Two rows of fire brick lay atop the cinder blocks — we wanted to be able to set the 6″ steam table trays that we use to evaporate sap onto the cinder blocks and seal the fire section in so the syrup doesn’t get smoked as we evaporate it. The dimensions didn’t quite line up — we needed something 2 3/4″ high to fill in the gap between the edge of the refractory brick and the edge of the cinder block. I happened across “engineering” bricks online, and we found a company that sold them. They fit perfectly.
Once the base layer was covered in refractory brick and red brick, we started stacking the walls — more cinder blocks.
Along the back wall, we have some bricks forming a wall, but we have one row slightly pushed in so a block can straddle the two bricks and form an exhaust area. Then a bunch of blocks are stacked up to form a chimney.
The evaporator trays fit perfectly and are supported by the cinder block.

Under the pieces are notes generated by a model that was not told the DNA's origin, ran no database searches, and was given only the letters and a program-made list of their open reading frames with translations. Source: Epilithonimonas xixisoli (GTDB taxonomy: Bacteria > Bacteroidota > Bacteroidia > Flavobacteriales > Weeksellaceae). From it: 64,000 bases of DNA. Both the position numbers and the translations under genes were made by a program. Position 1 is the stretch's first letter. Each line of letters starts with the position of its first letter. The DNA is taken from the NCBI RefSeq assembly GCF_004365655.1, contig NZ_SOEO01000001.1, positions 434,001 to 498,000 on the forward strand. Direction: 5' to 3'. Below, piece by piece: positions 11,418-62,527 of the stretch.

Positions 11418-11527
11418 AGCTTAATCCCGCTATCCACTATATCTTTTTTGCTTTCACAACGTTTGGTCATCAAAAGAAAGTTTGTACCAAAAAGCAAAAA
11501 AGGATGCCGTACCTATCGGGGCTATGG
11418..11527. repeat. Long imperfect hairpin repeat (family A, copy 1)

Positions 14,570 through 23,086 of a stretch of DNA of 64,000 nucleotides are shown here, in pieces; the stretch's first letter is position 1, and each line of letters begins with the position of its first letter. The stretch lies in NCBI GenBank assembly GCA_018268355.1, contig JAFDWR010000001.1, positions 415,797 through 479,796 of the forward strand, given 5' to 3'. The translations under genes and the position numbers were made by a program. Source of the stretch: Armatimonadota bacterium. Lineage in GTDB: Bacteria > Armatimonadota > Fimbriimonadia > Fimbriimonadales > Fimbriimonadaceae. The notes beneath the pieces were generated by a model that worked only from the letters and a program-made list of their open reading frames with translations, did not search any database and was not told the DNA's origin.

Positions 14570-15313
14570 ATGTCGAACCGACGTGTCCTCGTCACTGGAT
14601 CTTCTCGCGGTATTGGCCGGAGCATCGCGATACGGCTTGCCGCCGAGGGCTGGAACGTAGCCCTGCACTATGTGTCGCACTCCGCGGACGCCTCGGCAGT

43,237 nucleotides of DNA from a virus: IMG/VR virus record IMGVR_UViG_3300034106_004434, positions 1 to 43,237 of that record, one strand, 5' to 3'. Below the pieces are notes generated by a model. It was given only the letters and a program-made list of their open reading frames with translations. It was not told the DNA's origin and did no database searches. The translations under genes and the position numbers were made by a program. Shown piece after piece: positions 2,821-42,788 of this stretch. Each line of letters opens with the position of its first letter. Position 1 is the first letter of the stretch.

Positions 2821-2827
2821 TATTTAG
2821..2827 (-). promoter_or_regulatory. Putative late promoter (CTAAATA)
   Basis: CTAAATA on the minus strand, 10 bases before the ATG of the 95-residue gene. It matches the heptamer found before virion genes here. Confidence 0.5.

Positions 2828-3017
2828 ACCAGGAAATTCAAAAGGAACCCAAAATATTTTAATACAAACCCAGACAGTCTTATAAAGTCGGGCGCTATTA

We ended up re-stacking the chimney — having the exhaust port at the same level as the refractory brick meant that pushing wood around in the fire box shoved coals out into the chimney. The exhaust port is now one row higher than pictured.
We then lined the firebox with more refractory brick — there are two or three inches between the top of the refractory brick and the bottom of the evaporator trays. Adding logs and lighting a fire, we finally have maple sap evaporating.
We added a steel plate at the end of the trays to keep smoke away from the sap.
Bonus — we can cook dinner while we’re evaporating sap!
For the last few years, we’ve talked about mapping out our maple trees — we track which ones we tap, when we tap them, and occasionally try to track how much sap the tree produced. Which is difficult when the tree is labeled as “second down from planter on driveway” or “the next, next one by neighbor”. It seemed like we should be able to use our phones to tag each location — ideally while there are still leaves on the trees so we could denote them as sugar, red, etc.
We settled on an open source app that uses Open StreetMap — https://github.com/osmandapp/OsmAnd/ — there’s no convenient way for Scott and I to simultaneously edit the data set, but we can export the file on one phone and import it onto the other so we are both looking at the same points. Each tree is numbered, and there is a note with the type of tree and how many taps.